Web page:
Page:A Tour Through the Batavian Republic.djvu/44

From Wikisource
Jump to: navigation, search
This page has been proofread, but needs to be validated.

places are between five and six feet below the level of the road. This I believe never happens, but the apparent danger is sufficient to excite the anxiety of timorous travellers; and the badness of the road, which is made without gravel and abounds in deep ruts, keeps alive their fears.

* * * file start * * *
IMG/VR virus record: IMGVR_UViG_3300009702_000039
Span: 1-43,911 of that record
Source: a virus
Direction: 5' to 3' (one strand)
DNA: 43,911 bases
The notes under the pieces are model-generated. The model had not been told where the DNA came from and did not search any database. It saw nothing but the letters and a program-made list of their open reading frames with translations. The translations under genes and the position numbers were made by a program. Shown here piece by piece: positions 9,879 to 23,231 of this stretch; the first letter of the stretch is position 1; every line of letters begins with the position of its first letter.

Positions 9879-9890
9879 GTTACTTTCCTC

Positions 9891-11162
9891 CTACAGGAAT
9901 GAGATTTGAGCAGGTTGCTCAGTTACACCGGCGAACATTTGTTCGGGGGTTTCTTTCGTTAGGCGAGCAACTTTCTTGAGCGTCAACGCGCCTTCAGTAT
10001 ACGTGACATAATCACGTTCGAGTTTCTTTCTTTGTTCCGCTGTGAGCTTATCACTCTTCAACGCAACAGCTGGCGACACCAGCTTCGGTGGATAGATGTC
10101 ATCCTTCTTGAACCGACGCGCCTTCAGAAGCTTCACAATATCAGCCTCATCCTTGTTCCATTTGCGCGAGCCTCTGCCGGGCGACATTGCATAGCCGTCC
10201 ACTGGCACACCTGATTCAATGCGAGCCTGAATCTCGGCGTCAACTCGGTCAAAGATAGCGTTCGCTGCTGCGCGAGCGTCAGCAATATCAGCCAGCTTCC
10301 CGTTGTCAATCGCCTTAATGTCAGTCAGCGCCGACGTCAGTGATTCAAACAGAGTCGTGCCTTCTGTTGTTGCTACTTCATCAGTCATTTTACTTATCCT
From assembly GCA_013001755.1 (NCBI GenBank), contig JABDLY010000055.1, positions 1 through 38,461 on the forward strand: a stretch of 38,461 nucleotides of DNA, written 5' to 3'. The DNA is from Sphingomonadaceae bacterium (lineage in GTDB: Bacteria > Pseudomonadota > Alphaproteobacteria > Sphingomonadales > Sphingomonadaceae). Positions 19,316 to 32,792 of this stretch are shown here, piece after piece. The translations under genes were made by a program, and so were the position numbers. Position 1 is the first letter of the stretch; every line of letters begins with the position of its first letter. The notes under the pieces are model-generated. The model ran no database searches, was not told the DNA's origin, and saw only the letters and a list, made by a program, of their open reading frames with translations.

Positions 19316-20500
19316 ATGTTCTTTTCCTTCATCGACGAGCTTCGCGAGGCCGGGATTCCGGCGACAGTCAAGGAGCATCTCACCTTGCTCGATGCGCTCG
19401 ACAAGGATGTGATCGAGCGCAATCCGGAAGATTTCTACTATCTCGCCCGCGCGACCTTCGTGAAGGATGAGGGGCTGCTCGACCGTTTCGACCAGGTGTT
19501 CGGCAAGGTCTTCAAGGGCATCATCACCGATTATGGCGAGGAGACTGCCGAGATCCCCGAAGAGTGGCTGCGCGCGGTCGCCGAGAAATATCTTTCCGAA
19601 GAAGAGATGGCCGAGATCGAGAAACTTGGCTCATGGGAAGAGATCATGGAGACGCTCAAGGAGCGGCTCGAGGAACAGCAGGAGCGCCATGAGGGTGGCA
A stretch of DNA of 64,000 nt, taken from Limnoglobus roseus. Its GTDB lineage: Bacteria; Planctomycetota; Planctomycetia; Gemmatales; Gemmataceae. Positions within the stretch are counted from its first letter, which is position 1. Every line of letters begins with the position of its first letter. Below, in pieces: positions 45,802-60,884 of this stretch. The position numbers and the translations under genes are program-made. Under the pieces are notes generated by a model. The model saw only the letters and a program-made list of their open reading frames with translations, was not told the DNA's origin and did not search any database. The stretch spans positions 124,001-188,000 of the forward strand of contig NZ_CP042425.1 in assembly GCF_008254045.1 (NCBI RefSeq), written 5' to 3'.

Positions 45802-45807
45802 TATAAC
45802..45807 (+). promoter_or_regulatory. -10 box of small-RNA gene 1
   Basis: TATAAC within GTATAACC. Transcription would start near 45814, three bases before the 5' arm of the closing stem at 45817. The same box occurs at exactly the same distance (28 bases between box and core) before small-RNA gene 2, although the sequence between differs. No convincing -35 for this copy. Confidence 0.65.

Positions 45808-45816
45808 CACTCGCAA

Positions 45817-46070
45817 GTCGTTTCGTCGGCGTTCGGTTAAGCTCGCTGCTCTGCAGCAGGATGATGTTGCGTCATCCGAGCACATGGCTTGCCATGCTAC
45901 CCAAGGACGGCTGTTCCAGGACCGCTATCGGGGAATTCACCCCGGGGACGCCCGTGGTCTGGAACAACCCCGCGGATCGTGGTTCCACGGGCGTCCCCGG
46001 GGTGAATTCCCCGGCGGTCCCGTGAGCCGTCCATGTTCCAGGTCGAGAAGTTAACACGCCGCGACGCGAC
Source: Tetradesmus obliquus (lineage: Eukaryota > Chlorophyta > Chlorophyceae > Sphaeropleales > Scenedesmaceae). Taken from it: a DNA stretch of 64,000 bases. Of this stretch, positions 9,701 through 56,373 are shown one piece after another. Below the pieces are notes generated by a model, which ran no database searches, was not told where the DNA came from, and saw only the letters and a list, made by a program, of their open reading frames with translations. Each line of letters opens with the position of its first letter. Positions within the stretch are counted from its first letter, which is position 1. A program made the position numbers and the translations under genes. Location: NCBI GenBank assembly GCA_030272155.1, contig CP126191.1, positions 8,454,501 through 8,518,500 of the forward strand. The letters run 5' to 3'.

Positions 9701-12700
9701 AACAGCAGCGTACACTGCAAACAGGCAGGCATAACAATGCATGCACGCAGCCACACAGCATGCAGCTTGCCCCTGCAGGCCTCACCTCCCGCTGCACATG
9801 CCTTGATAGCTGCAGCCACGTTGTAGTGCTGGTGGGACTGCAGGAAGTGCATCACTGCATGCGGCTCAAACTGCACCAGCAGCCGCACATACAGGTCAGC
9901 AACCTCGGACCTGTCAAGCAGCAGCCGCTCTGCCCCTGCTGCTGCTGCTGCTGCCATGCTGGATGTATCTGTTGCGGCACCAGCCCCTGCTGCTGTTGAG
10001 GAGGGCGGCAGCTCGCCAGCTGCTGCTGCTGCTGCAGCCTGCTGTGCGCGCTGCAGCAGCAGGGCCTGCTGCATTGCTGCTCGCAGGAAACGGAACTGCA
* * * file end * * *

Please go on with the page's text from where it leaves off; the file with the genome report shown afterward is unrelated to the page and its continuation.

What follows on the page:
At a distance, Rotterdam appears a well-built and extensive city, and the approach to it displays the opulence and industry of its inhabitants. The number of mills, principally for sawing timber, in the suburbs, is prodigious; but few of them were at work, though the weather was extremely favourable, and some were in a state so ruinous, that they must have long been unemployed. The sawing-mills are inventions of the greatest utility, both for abridging the labour of man, and performing work with the neatest accuracy. They are lofty and somewhat agreeable erections, the mill generally rising from the top of a substantial building two or three stories high, and of a sufficient altitude to give its necessary rotundity a light and airy appearance. Some of them are